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New-York tribune. [volume] (New York [N.Y.]) 1866-1924, May 07, 1906, Image 5

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r : , • • . ■ • CTK>M THE »sw Tonic TRIBUNE WEEKLY lUSVTEW JJVT B)
Latest Foreign ,Nebuj About HooK-s.
London, May 4.
- Joseph Morris** new book on the Far East en
titled The Makers of Japan." which is being fa
vorably noticed by the reviewers. „ a time , and
well informed work. Qunier-Cbueh'a • ook about
George Eliot Is nearly ready for publication, and
. the important work on the art of Jean Francois
. Mill* is reported to be well advanced Lucys
-History of the Unionist Parliament" and George
ftus*eirs "Social Silhouettes" are also coming out
soon, but nearly all the serious books in the
j hands of the publishers are being held In reserve
until the autumn, when it Is hoped that the
. times will be more propitious for new ventures
.in the book world. Burke* "Speeches on Amer
ica" makes a useful addition to the Temple
Classic Mrs. Craigle's and Ellen Thorneycroft
. FowWa new novels dealing with religious ideas
and politics will be brought out shortly, but
TiooK-s Tcople Are Heading.
popular books of the week, according to the
and* at the circulating department, are
as follows:
Ad •■'• Fiction— Wister's "L*dy Baltimore"; Thurs
tori ? "The Gambler"; Runkle's "The Truth
: Tolna."
jjvf-. v Fiction— Clemens's "Adventures of Huckle
hern Finn"; Lang's "Red Fairy Book": Sid
- The Five Little Peppers Grown. Up."
ifO'is-Vin Dyke's "The Opal Sea": "The
':. t Pay'; FitxgeraUrs "Life of Sir Henry
Irvirp "
CON' ~il E?FI<~>NAL LIBRARY. — "Washington.
4 The following list of books railed for
atcs the tfstes in the Library of Con
pr>«<« This week:
■hter Tv Milan's "A Short History of the Phil-
Zilliacus's "The Russian Revolutionary
Movement"; Yonge's "Greece"
DrrlTT*l-r and Travel— Crawford's "Palve Vene-
Mar.afTys •Rambles in Greece"; Single-
Holland' ; Ball's "Paris in Itp Splendor."
BWra, ! - r^sby's "Garrleon, the Non-Resistant";
Beeseby ■ Damon": Browne "The Glory Seek
-ron'o 'The Story of My Life."
Yon Hutton's "Pam Decides": Green's
man in the Alcove": Grant's "The Law
p r . ikere' ; Wister's "Laly Baltimore."
«■».«, tna mm — Boscowltz's "Earthquakes"; Home's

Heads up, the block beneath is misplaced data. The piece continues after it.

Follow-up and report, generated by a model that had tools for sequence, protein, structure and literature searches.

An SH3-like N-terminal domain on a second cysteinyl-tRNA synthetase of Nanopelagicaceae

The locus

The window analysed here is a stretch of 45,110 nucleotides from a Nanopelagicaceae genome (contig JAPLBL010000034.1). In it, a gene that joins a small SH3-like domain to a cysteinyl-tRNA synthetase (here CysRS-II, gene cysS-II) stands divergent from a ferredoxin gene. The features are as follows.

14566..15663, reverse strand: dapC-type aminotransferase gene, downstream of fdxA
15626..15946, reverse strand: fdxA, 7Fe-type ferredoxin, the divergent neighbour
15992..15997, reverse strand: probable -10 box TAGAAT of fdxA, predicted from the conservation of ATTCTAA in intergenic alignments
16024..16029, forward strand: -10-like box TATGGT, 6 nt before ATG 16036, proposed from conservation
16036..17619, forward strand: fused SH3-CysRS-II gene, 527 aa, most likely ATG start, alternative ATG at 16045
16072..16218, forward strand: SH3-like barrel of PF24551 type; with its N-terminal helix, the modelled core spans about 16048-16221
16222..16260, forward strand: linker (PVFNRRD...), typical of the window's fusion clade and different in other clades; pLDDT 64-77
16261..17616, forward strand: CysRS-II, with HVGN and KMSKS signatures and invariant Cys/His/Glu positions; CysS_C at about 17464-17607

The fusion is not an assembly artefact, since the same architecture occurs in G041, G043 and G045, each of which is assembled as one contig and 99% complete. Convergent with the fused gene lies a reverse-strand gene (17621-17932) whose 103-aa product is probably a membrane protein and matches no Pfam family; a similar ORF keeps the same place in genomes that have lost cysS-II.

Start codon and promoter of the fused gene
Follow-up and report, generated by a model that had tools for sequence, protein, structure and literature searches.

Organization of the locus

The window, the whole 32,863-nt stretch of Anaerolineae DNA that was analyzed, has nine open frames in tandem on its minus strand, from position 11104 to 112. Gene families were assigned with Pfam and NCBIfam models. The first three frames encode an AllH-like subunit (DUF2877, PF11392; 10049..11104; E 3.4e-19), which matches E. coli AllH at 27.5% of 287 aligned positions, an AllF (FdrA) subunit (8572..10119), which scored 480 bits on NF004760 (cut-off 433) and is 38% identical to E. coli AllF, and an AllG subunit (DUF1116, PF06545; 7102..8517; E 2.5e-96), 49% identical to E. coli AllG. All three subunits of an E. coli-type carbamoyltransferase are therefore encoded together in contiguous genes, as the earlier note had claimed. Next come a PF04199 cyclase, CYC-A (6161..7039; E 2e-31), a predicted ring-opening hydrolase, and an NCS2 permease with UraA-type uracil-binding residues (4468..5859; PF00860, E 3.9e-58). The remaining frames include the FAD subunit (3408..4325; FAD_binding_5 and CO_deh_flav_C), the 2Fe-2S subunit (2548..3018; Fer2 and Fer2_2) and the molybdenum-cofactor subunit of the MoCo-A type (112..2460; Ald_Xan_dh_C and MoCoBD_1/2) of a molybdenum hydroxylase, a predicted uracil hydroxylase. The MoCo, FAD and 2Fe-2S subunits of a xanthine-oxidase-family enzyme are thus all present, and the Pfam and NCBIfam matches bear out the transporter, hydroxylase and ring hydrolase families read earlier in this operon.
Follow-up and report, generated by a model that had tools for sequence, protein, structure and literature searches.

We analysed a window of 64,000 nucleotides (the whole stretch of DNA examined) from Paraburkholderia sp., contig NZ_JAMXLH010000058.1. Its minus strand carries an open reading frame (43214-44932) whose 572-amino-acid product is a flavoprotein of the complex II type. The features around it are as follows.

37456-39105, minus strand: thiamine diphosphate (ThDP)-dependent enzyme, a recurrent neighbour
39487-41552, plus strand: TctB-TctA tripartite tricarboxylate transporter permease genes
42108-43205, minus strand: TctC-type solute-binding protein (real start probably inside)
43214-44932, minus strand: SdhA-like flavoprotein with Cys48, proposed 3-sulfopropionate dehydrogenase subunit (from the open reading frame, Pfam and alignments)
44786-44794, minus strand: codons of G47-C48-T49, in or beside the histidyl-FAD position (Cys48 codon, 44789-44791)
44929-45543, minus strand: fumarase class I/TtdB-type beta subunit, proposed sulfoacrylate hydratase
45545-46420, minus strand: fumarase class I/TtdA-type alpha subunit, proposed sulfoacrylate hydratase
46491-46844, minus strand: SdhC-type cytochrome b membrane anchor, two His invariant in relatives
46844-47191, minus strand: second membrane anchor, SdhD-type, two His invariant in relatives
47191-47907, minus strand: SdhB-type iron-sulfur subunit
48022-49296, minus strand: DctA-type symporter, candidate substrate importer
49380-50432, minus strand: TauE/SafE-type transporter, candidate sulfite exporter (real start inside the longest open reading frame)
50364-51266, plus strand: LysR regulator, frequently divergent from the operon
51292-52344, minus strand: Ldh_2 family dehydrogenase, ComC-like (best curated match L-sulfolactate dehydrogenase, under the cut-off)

"Buried Cities of Vesuvius". Stevenson's essays.
BUFFALO PUBLJC LlßßAßY— Buffalo. May
4 —A^cnrdlns; to the demands made at the
Bufait Public Library during the last week
•a-ing named books were the most
jrjr::.,r- Remington's "The Way of an Indian";
Bu'r.'*-'s 'The Dawn of a To-morrow";
les's 'The Lady and the Ladder"; Gilson's
"M;ss Primrose."
Juv^r. iv«— M'-rriam's "Birds Through an Opera
- . O:bfon'« "Sharp Eyes"; Beard's "Out
- Handy Book"; Lerennni's "Plnocchio— the
adventures of a Marionette."
yi.t ■:'. ..&: .'.-■— Hy slop's "Enigmas of Psychical R<»-
I'S.ughlin's "The Complete Hostess";
Reynolds's "Motoring for Moderate Incomes";
- * A Wanderer In Holland."
What JV- y+ BooKseller* Say Ghejr
Are +S el ling Most.
The Fix best selling books In New York th is week, as reported to The New- York Tribune
P.^-viow. were taken in the following order:
BsJtbnere" Owen Wleter f-phe Macmillan Company) $1 50
>r!: Re * E - B *ach (Harper & Brothers) .... 150
Bettina yon Hutten fDodd. Mead & Co) 150
4 Tv Boose of a Thousand Candles"... Meredith Nicholson (The Bobbs-Merrill Co ) 150
-">* Irvlll X Bacheller (Harper & Brothers).. a6O
■ Truth About Tolna" : Bertha Runkle (Thp ,> ntury Company) 150
A ■ olun c r.f short Ftorics by Morrison I. Swift,
' • hfch have before appeared in prlr.t, is
for immediate publication by the In
•regs. New York. The book tak^s
th<> leading story. "The Damask
Moet families who indulge In the luxury of
fervants may think that It Is bad enough tb
fcavo to «»ndure the presence. of "The T'p-to-date
Waitress" without having to read about her.
But the volume which Janet McKenzle Hill has
written with the above title, and Which Little.
Bro-A-n & Co. have Just published, will be found
to deal rather with the. art than with the arts
of th*- domestic Hebe. The author is the Editor
of ' The Boston Cooking School Magazine," and
has also written books on "Salads, Sandwiches
end Chafing Dish Dainties" and on "Practical
Cooking.and Serving."
Txo novels by Louis Joseph Vance, the author
of "Terence O'Rourke." are to he brought out
toon in London by the Grant Richards publish
ing house. One of these stories. "The Private
War," has just been published here by D Apple
ton & Co.; the other. "Milady of the Mercena
rlei makes its first appearance in England.
Gforge Sylvester Viereck. who two years ago
brought out a. volume of German lyrics, entitled
"G^dichte," Is now preparing to publish through
Br<--ntano's a work in English, called "A Game
»t Love, and Other Plays," which is described
as "novels cast in dramatic form." Professor
Calvin Thomas, of Columbia University, is
<juote<3 as having said of the book, which he
«3Ti- In manuscript, that it was "a most unusual
rhf-r.orrier.on." Whether this was intended as
Jiralss or amazement may be determined only
when the volume comes from the press.
"The Sou', of the People." a recent publication